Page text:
Essay on pathogenic organism and immunity


Introduction to Immunity:

There are many ways that pathogenic organisms which can cause disease can enter the body, one of the being via the mouth, and once these organisms have entered the body, we need to have something that can defend us and stop us from getting ill. Our bodies have a natural defence system called the immune system, and when we become ill; our body's white blood cells produce antibodies to fight off the disease that is caused by a pathogen. There are two main groups within the white blood cell; "phagocytes and lymphocytes". (

They each do a different job; the phagocytes (T Cells) ingest and absorb the pathogens or release enzymes to destroy them. Lymphocytes (B cells) bind to the pathogens antigens and destroy them.

When the body is required to produce these specific antibodies, they can ingest and destroy the pathogenic organism. The white blood cells can send messages to the immune system so that the antibodies can be remembered and stored for if there is another attack and therefore they will be immune to that certain disease.

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However sometimes we need something to help us produce the right antibodies before the full blast of the disease hits our immune system which in turn could be fatal. When individuals become immune to diseases caused by a virus or a bacterium through artificial means, we call this immunisation.

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There are different ways that a person may be immunised against a disease and there are two main forms; active and passive.

Active immunity, is when the 'attenuated form of the virus'(Pers. Comm., 2010) is given to the patient via injection, which then gets the body to produce the right type of antibodies for that certain disease.

The natural form of active immunity is via infection, and artificial active immunity is via injection of the live attenuated pathogen.

Passive immunity is when blood is extracted from an individual who is already immune to the disease. "This extract of blood is called immune serum" (Pers. Comm., 2010). Immediate protection is normally given from this type of immunity however in most cases it is only temporary and a booster jab is required.

The natural form of passive immunity is via antibodies being passed from a mother's breast milk to a baby or across the placenta. The artificial form of passive immunity is via injection of immune serum.

After the form of immunisation has been given to the individual, there are two stages of response; 'primary and secondary' (Pers. Comm., 2010).

The first few days after the initial immunisation, only a small production of antibodies are within the body and the antibodies are stored in the immune systems memory. However when the body is exposed to the same disease again, the secondary response takes place and many antibodies are produced quickly.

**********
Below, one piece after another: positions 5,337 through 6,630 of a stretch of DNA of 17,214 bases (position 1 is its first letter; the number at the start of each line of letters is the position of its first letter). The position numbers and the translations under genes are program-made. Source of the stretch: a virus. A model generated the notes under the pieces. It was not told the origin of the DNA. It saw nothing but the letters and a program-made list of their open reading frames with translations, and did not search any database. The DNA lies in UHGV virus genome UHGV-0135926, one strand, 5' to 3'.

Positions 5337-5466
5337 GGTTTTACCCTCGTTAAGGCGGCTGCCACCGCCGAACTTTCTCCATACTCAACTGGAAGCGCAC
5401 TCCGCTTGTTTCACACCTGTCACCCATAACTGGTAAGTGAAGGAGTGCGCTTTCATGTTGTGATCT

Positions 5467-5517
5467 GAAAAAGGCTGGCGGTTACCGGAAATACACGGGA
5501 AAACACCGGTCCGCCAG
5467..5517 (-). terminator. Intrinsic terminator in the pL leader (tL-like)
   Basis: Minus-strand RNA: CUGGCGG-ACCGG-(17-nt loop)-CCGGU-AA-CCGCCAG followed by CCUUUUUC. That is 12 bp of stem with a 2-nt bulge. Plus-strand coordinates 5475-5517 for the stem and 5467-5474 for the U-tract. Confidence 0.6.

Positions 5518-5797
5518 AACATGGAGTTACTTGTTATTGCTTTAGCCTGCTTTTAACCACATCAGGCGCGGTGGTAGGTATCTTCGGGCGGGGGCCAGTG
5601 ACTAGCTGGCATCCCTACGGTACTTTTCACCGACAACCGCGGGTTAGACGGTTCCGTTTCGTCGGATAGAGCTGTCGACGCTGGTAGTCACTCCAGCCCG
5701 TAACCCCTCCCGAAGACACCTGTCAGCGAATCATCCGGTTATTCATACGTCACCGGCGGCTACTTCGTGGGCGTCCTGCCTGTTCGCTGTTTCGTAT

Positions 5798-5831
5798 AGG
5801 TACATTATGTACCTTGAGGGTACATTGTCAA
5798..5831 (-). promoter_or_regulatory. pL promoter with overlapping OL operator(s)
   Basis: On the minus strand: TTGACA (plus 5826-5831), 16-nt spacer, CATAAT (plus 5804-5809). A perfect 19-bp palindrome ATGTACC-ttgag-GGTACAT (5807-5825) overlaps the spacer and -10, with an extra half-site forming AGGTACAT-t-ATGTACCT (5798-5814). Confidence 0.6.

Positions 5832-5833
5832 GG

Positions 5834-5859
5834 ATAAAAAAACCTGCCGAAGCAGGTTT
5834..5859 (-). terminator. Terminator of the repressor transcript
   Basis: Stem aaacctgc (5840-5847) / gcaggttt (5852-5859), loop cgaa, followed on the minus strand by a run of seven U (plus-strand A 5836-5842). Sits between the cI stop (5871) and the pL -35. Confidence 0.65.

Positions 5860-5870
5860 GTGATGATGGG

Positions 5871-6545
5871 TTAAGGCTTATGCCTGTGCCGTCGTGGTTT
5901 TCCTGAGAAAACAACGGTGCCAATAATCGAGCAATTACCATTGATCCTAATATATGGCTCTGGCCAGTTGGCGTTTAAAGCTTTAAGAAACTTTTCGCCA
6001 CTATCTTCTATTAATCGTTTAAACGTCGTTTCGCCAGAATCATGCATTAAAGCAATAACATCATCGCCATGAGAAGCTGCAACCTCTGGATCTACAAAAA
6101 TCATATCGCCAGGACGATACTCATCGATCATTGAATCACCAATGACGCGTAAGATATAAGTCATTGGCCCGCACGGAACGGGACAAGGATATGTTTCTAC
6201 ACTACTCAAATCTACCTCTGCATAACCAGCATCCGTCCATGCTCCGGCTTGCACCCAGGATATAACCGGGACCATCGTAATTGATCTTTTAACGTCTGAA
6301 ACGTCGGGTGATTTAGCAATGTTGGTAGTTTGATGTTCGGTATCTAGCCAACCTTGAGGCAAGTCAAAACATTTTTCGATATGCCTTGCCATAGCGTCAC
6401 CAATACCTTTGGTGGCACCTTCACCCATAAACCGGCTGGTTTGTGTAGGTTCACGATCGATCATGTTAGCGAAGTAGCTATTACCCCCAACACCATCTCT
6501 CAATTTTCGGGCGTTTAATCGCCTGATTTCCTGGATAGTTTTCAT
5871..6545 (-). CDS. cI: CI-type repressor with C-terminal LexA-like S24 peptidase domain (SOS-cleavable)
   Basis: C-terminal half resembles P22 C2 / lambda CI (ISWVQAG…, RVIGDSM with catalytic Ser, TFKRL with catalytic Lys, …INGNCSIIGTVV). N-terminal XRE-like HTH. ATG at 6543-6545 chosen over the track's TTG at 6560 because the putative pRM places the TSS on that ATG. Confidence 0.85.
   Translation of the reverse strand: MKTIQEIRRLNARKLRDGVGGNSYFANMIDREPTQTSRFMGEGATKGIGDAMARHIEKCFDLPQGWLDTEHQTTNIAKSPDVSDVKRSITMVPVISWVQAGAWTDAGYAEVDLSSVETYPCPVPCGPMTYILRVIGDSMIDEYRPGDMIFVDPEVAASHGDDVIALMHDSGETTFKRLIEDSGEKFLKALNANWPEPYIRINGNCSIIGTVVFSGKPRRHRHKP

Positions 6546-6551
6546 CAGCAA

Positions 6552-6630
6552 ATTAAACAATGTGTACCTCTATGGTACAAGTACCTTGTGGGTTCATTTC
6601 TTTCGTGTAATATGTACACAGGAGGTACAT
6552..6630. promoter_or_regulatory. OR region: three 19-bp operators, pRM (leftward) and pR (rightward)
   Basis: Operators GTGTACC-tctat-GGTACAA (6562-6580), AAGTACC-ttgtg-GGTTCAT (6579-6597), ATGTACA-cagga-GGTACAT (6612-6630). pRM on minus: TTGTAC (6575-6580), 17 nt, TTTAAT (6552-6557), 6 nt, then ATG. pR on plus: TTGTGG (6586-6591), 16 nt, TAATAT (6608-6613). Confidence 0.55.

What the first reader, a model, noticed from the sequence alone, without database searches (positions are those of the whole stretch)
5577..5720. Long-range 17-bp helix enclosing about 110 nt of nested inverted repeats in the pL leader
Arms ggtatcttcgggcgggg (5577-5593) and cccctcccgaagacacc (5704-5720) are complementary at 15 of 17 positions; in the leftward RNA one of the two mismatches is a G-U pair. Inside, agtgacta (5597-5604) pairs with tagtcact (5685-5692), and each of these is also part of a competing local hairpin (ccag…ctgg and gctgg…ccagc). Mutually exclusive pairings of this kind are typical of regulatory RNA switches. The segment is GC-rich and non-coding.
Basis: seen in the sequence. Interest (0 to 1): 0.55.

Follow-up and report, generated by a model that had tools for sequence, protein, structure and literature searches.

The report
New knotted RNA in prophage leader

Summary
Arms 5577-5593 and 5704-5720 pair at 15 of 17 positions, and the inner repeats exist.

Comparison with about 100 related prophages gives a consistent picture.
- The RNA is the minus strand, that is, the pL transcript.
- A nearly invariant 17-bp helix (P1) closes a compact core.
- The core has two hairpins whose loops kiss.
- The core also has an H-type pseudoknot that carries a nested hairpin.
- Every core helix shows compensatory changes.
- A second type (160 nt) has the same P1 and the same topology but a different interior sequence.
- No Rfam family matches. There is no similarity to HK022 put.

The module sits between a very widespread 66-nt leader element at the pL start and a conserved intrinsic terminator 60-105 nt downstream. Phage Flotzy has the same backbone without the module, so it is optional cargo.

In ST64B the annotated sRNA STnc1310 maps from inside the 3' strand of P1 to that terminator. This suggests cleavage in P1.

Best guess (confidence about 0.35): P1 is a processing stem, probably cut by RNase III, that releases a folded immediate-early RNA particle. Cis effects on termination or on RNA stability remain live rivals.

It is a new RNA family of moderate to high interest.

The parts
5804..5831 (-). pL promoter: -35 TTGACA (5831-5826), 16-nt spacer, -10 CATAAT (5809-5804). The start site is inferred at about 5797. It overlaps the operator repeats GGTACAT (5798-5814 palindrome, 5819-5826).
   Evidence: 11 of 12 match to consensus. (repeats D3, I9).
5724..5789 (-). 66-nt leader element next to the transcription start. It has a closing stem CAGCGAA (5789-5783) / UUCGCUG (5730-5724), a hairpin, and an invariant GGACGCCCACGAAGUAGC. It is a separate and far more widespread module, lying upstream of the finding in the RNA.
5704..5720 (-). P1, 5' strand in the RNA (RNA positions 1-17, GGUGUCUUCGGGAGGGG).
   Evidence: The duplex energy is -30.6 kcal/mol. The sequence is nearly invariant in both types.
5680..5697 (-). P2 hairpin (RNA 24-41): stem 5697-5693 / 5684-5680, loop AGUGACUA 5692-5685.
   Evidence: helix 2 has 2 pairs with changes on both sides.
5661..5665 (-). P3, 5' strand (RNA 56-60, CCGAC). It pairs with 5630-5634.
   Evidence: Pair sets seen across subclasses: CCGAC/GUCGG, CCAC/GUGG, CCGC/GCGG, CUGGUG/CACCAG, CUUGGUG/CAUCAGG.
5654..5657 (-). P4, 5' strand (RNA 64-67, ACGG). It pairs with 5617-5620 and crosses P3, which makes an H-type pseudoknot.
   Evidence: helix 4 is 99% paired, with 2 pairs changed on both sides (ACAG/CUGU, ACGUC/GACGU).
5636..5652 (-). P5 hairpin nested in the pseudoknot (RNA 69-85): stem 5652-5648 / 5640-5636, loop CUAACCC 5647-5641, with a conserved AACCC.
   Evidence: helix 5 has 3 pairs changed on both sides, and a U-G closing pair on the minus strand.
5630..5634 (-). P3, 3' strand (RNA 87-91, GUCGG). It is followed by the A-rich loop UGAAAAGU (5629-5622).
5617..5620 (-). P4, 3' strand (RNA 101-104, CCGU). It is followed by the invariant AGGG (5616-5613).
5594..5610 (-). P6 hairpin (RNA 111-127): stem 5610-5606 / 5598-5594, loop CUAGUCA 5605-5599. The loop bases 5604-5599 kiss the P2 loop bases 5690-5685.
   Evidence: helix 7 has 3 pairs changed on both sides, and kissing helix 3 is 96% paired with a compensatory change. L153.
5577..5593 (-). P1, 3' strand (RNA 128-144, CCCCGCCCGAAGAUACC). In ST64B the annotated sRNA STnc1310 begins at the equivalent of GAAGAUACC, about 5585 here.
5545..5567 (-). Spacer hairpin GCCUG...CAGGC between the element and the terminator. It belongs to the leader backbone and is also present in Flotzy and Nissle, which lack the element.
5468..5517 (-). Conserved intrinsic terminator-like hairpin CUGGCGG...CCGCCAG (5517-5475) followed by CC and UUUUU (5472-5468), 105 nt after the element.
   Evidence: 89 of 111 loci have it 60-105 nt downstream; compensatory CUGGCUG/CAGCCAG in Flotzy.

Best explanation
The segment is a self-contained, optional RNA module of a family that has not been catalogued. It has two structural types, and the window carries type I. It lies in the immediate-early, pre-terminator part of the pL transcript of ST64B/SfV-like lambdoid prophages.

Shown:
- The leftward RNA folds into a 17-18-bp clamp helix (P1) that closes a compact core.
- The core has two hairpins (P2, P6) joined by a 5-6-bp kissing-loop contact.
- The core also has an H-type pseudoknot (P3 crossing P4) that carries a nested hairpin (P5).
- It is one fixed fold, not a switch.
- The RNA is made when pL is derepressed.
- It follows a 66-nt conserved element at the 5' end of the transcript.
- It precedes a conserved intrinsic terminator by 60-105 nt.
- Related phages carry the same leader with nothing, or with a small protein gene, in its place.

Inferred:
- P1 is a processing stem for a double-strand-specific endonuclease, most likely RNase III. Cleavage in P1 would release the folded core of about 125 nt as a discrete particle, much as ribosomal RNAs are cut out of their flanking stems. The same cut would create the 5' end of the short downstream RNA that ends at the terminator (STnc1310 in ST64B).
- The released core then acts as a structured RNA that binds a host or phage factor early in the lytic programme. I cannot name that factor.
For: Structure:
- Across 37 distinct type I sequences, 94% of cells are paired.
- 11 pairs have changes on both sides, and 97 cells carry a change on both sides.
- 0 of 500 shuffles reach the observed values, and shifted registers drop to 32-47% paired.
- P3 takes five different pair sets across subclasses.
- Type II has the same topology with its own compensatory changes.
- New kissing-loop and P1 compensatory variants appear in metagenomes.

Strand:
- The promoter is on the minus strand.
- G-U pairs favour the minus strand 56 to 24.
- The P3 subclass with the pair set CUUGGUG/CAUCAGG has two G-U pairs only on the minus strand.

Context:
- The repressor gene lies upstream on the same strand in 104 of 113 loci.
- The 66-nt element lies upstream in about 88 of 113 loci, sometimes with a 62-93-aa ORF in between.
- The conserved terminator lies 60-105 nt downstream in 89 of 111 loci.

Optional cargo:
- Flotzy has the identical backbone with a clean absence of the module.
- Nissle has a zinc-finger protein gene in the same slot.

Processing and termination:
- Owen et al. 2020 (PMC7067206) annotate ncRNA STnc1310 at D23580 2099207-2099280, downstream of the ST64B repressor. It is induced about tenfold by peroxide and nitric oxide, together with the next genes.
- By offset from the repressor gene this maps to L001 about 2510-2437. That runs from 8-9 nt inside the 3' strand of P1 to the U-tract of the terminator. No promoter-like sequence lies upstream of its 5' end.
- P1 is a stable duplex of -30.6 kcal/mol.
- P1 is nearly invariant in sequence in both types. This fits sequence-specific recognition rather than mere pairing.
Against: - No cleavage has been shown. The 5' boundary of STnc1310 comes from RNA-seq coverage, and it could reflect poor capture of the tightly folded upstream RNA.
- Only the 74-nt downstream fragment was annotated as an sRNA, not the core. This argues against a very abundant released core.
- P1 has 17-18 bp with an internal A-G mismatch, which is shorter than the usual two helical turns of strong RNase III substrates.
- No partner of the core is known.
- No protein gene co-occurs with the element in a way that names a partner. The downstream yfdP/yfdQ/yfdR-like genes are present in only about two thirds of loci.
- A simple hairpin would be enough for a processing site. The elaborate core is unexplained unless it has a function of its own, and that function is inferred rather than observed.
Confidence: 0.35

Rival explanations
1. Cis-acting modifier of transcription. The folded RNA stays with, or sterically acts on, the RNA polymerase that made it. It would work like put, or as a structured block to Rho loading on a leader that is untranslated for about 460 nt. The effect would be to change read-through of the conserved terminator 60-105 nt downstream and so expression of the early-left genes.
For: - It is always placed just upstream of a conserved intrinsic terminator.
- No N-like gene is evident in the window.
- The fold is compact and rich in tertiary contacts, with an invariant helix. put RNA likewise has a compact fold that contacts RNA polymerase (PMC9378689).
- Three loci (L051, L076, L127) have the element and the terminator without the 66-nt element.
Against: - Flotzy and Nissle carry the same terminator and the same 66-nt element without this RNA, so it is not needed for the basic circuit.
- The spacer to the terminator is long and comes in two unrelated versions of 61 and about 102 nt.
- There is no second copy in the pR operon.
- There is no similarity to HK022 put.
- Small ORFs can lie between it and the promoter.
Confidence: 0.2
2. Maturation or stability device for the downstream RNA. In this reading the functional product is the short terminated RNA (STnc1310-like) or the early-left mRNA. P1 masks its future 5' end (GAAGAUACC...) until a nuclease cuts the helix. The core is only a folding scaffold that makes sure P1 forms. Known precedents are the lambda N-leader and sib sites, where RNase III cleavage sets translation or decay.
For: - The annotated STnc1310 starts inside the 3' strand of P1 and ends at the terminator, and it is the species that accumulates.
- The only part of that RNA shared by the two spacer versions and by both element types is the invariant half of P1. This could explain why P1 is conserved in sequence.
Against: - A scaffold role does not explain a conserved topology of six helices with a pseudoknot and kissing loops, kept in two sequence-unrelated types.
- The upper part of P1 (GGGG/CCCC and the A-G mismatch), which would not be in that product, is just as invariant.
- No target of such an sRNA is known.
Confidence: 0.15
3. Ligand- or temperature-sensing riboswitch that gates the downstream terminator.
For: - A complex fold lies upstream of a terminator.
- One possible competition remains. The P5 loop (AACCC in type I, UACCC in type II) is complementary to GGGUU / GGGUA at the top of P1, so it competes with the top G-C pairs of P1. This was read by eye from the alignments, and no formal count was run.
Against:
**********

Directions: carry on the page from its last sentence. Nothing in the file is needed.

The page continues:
"The aim of immunisation is to protect the individual and prevent the spread of the disease." (Pers. Comm., 2010).

Babies and Young Children:

Young children and babies are at greater risk of catching diseases and infections because their immune system hasn't had a proper chance to develop yet, any disease or infection that they come into contact with will probably be the first time their body has been attacked by that disease and therefore they only have a primary response which is slow and the body will take quite a long time to produce enough antibodies for the safety of the child if enough at all.

This is why children need to be vaccinated from an early age, to give their bodies a head start at producing life saving antibodies.

There are different vaccination schedules for this age group and these include; Diphtheria, Pertussis (whooping cough), Tetanus and Measles, Mumps and Rubella (MMR triple vaccine).

Diphtheria: a bacterial illness

Vaccination schedule:

'One of the leading causes of death in children' within the 1930's ( )

It is given via injection as the combined 'DTaP/IPV/Hib vaccine' (

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First dose at 2months old

Booster at 3 and 4months old

Then a final booster at 13-18years

Risks associated with non-immunisation:

Affects the nasal passage and throat

Breathing difficulties

Respiratory failure

Inflammation of the heart (myocarditis) (

Advantages for vaccination:

Reduces the spread of Diphtheria

Safely be given to children

Disadvantages for vaccination:

Can cause a fever

Soreness around the area used for injection

Death (extremely rare)

Pertussis (whooping cough): caused by a bacterium called 'Bordetella Pertussis'.. (

Vaccination Schedule:

Is part of the '5-in-1 vaccine (DTaP/IPV/Hib)' via injection (

First dose at 2months

Booster at 3 and 4 months old

"A pre-school booster vaccine (DTap/IPV) is also given before children start school" (

Risks associated with non-immunisation:



Kidney Failure

Brain damage

Severe dehydration

Advantages for vaccination:

Can be given at a very young age

Is a very safe vaccine

Disadvantages for vaccination:

Soreness around the area used for injection

'Increased crying' (

Can cause a fever

Tetanus: Caused by a bacterium called 'Clostridium tetani'. (

Vaccination schedule:

"The primary course of the tetanus vaccination consists of three doses of the vaccine with a period of one month between each dose" (

Part of the combined DTaP/IPV/Hib vaccination

Given at 2, 3 and 4months of age

4th dose - three years after the primary course as part of the 'pre-school booster' DTP-Polio (